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Suddenly mean rooster ):

Discussion in 'Chicken Behaviors and Egglaying' started by chick mommy, Nov 11, 2015.

  1. tandykins

    tandykins Chillin' With My Peeps

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    You're certainly free to treat your animals and children as you see fit - I'd just like to offer that there is an alternative than simply giving up on your rooster and throwing your hands up in the air.
     
    2 people like this.
  2. Jesusfreak101

    Jesusfreak101 Chillin' With My Peeps

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    Sorry, probably still an sensitive topic someone awhile back pretty much called me a murder for it after we deside it wasnt worth the risk with a toddler and baby on the way. I didnt mean to come off harsh but i also dont want to say he turn around some do but from what i read and heard most dont sadly.
     
  3. tandykins

    tandykins Chillin' With My Peeps

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    I don't want you to mistake my polite response for approval of your actions. I just didn't see any point in arguing with you. I don't agree with your response at all - but your response sadly isn't an uncommon one. It's unfortunate, but it's how the world is. We don't, as a species, care enough about these animals to bother actually understanding the root causes of their behaviours. Instead we anthropomorphize them, we treat their responses as though they were human responses - and they aren't.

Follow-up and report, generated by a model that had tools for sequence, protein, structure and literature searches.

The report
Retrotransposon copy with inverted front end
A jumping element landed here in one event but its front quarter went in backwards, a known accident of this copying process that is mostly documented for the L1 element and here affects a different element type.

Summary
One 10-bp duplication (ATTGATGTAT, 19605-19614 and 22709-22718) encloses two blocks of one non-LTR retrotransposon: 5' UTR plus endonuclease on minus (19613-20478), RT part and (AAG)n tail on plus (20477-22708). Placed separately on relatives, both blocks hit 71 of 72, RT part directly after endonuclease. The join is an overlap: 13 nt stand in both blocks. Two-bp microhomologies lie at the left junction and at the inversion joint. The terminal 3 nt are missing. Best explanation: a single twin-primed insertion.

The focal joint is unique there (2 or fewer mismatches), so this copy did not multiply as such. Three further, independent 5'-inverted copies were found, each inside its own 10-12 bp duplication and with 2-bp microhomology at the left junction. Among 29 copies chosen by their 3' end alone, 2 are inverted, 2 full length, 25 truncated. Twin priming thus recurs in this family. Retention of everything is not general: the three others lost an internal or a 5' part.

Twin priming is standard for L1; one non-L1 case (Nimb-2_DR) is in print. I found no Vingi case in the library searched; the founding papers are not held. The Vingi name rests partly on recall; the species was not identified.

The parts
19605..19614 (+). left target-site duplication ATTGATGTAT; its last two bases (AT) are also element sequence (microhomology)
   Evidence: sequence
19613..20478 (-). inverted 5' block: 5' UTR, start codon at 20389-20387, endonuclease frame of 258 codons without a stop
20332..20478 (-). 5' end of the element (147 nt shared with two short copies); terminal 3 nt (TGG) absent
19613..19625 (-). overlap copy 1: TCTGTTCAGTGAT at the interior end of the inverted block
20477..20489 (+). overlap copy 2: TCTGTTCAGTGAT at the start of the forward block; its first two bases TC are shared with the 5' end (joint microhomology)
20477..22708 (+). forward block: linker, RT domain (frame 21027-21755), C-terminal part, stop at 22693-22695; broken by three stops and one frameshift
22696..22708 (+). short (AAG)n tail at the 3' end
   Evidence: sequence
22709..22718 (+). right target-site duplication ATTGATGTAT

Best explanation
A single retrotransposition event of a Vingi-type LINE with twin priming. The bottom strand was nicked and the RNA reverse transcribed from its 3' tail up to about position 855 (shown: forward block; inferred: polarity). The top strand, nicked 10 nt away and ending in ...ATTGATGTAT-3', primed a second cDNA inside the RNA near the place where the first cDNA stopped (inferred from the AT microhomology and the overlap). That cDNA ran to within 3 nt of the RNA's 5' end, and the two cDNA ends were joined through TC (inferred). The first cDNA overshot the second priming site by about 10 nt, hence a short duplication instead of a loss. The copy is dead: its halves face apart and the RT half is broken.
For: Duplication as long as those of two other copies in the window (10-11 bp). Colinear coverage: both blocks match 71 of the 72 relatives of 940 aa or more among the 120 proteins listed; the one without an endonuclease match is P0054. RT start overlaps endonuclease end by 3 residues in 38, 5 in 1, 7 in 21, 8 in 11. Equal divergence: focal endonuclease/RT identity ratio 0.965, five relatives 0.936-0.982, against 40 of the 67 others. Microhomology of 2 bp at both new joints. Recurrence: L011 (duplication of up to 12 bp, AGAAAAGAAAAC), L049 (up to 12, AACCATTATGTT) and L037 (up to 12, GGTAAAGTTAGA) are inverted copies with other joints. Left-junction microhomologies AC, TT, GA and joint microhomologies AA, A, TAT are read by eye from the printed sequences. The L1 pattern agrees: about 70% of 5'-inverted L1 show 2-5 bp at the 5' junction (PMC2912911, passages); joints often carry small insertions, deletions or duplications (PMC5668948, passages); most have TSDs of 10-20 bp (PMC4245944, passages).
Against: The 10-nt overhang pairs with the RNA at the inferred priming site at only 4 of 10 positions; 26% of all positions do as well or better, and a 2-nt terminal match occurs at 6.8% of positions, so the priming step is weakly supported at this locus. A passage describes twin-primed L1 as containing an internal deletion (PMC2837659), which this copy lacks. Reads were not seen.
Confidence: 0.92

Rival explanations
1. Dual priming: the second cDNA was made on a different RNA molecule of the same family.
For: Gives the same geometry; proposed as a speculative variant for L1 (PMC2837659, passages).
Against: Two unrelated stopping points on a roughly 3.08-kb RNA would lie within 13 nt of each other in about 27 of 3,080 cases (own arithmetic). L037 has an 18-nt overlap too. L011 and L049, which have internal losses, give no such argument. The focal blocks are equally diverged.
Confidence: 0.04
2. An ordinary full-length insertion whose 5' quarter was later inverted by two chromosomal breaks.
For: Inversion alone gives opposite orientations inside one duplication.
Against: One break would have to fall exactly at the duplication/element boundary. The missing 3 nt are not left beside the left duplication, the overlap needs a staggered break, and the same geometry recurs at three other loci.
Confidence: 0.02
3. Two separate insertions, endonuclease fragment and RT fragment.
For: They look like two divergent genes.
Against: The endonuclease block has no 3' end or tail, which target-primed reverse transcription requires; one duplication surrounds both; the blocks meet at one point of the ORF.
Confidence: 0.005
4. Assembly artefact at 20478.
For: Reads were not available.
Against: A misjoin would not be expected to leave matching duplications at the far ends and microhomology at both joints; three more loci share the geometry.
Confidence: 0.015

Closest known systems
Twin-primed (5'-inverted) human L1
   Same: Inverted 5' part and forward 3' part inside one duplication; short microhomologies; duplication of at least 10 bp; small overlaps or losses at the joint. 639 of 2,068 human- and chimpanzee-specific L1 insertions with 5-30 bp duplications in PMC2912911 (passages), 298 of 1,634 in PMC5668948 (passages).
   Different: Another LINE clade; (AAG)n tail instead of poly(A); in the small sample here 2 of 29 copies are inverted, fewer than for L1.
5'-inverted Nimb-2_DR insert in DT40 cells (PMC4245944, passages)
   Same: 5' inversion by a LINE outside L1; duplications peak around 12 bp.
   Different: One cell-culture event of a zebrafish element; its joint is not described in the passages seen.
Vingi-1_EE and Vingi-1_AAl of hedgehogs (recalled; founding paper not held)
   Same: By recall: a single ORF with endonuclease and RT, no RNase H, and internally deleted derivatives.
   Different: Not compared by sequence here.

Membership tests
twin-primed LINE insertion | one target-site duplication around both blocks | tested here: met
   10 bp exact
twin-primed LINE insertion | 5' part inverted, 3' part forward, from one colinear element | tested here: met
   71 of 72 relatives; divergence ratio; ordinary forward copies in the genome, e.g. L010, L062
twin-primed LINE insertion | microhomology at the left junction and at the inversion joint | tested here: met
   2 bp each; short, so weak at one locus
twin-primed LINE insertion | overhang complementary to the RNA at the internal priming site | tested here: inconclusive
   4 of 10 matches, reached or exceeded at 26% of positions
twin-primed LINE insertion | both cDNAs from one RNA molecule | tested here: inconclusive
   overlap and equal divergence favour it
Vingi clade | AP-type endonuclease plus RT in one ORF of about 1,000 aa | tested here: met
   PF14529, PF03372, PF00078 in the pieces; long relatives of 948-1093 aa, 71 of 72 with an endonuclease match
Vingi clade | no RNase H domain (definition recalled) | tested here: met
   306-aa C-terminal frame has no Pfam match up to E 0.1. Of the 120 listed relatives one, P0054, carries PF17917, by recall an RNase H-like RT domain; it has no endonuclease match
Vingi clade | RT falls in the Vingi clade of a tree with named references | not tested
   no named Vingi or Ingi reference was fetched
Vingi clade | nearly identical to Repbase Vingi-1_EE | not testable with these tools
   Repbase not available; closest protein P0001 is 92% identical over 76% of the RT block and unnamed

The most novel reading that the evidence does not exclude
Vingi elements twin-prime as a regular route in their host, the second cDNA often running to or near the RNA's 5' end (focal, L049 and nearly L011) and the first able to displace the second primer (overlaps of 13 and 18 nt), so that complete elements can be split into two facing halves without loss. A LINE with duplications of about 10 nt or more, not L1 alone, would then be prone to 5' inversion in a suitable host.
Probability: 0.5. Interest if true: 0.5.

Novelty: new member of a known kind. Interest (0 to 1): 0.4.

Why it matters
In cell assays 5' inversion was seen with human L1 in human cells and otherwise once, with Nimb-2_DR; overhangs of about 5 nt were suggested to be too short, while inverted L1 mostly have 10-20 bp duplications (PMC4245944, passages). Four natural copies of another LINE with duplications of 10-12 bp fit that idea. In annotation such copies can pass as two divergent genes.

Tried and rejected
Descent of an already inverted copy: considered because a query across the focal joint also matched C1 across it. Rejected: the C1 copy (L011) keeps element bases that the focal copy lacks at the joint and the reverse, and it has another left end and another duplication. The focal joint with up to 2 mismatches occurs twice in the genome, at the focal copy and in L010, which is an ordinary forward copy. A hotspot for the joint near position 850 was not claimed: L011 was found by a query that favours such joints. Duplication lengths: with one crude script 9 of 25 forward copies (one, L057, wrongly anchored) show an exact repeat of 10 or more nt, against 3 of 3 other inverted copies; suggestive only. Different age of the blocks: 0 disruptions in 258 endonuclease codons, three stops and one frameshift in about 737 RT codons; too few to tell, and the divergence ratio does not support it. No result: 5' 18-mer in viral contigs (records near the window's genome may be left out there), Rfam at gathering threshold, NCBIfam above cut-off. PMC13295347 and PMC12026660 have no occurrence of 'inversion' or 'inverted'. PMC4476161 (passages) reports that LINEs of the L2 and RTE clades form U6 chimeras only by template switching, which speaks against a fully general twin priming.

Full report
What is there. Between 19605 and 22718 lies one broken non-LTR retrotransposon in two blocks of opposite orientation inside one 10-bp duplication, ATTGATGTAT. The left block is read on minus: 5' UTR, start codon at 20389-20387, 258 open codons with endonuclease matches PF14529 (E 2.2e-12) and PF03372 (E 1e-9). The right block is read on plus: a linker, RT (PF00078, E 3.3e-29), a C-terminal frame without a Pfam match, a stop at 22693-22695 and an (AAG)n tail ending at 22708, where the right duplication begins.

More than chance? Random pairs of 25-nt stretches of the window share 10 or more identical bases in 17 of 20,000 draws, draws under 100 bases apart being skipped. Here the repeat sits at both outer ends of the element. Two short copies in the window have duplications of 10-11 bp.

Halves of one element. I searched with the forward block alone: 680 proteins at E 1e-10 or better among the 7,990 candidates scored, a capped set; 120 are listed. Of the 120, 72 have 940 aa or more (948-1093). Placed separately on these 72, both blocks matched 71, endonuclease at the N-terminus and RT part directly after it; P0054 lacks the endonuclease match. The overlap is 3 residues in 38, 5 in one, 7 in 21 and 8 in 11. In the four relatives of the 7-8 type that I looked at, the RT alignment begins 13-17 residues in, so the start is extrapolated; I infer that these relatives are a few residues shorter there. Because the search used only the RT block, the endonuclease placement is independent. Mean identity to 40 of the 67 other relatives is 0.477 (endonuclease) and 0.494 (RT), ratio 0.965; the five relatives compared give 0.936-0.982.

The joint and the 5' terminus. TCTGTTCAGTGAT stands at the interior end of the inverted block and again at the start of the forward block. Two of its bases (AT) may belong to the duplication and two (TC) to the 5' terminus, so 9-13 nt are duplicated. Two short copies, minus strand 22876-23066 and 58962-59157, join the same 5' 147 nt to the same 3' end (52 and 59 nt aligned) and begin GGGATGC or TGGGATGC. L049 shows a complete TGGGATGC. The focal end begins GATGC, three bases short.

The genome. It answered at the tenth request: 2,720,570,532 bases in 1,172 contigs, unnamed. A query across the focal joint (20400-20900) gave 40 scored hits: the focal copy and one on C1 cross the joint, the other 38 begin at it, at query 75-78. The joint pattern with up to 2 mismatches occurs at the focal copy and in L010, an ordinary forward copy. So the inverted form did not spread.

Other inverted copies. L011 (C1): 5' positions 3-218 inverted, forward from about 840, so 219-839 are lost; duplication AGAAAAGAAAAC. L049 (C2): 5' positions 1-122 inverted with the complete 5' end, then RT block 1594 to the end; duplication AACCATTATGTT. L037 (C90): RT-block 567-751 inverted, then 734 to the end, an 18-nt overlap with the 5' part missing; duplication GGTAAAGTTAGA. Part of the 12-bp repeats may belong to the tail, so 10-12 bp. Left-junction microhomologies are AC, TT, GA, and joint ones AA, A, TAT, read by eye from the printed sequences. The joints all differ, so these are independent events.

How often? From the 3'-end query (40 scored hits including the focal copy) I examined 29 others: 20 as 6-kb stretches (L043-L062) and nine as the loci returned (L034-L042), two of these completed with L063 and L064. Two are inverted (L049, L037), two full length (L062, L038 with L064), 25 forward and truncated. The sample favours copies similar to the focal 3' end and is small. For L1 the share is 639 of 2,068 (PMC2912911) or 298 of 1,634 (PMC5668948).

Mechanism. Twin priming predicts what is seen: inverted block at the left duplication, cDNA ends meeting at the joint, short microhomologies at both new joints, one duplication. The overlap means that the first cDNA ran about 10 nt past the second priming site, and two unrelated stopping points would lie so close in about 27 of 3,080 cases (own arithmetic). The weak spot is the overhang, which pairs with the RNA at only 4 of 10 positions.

That is something I would like to see change - which is why I chose behavioural science and chicken behaviour specifically as my area of study. I want to better understand them so that I can help others better understand them.
     
    Last edited: Nov 11, 2015
    1 person likes this.
  4. JanetMarie

    JanetMarie Chillin' With My Peeps